Like it is with all new technologies, the beginnings can be difficult and full of competing standards. Each manufacturer creates his or her standards and processes. Only time will determine which one is the winner. It was the case with charging connectors to mobile phones. Today it is the same with charging cables for electric cars. Let’s take an inventory of the available charging connectors in the world.
Overview Of The Different Types And Uses Of Connectors
The charging speed is dependent on three components – The charging station, which provides power, the charging cord, and the charger. In this article, we will examine the connector, an essential component of every charging cord.
You can easily divide the connectors into the regions where they are most commonly used. AC charging stations are not equipped with an integrated charging cord. Therefore, the driver is responsible for carrying the appropriate cable to fit his car. You can try EV type 2 to type 1 adapter also that provides fast charging. DC fast charging stations require a cable to be attached due to security concerns, the current level, price, and weight. So it is essential to ensure you select the right connector.
A general motor EV1 was the first electric car to use an inductive connection for charging. The current was transferred by electromagnetic induction. This charging method did not work well at that time. We can hear today that there are many suggestions for inductive charging being reintroduced. Norway, however, is the most forward-thinking country in this field. With the simple name SAE J1772-2001, this inefficiency prompted the development of a conductive link. A connector must be connected to the deck and infotainment.
J1772 – Type 1
California introduced a square plug, J1772, in 2001. But it was only capable at 6.6kW. Yazaki devised a new plug, with a power output of 19.2kW in 2008. This has since become the standard for all American vehicles. Yazaki’s modern design is the J1772, commonly called Jplug and Type1.
This connector was also used originally in Europe for electric cars. Some older hybrids and hybrids still have Type 1 connections. However, since all drivers of electric cars carry their cable, you can charge your car at any AC station. Type 1 is primarily used in America, Asia, and Europe.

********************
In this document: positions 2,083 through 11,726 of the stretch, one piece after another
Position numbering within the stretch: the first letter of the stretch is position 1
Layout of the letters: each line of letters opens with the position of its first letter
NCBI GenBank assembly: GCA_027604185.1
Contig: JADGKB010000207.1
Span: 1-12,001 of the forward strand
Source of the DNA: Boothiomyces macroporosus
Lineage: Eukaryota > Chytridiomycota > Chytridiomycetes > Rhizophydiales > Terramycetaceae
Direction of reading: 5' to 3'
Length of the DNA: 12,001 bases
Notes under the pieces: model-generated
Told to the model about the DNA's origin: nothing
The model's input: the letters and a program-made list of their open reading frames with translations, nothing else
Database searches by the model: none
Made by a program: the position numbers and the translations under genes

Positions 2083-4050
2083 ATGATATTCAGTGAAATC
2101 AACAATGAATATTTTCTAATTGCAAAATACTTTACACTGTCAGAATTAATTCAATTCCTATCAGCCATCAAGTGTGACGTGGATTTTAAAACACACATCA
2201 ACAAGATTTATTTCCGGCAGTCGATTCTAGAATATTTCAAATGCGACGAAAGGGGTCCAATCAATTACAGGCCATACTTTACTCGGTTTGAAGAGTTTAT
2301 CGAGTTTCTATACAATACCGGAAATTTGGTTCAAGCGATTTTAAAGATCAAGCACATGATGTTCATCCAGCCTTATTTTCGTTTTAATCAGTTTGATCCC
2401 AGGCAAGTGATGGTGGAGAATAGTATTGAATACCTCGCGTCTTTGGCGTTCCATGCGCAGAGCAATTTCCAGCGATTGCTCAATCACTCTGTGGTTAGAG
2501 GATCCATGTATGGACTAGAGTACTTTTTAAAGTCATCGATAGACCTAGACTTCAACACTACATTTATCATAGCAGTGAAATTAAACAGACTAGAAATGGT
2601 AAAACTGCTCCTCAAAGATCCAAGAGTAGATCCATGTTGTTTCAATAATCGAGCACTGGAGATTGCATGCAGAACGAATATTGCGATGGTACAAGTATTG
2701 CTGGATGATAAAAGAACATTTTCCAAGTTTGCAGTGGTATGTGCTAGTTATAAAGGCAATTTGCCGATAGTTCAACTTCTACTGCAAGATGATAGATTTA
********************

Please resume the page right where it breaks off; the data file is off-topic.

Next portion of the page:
Mennekes – Type 2
European cars were using the Type 1 connector until major European carmakers started to search for a way to use all three phases. New specifications IEC62196 were created in 2003. The Type 2 “MENNEKES plug” was quickly adopted as the European standard. The fact that both types 1 and 2 plugs use the same J1772 signaling protocol, car manufacturers can produce vehicles in the same manner. However, they must only use the plug that corresponds to their intended market. There are passive adapters for each type. The Type 2 plug supports an automatic locking system.
DC charging is faster than AC charging. At the moment, 50 kWh charging stations are the most popular. But 150 kWh stations are also available. 270 kWh and 350-kWh chargers are being developed.
CCS – Type 1 And Type 2 (Combined Charging System)
CCS is the combined charging system. It’s a beautiful solution for DC charging. These are Type 1 or Type 2 plugs. To them, two pins are added at their bottom. These pins play a role in DC charging. The lower part of the plug is charged, and only the communication and earth conductor is visible from the top. These connectors are capable of sustaining power up to 350kW.
It is currently the most commonly used type of DC connector. Type 1 is most commonly used in the United States while Type 2 CCS is more common in Europe.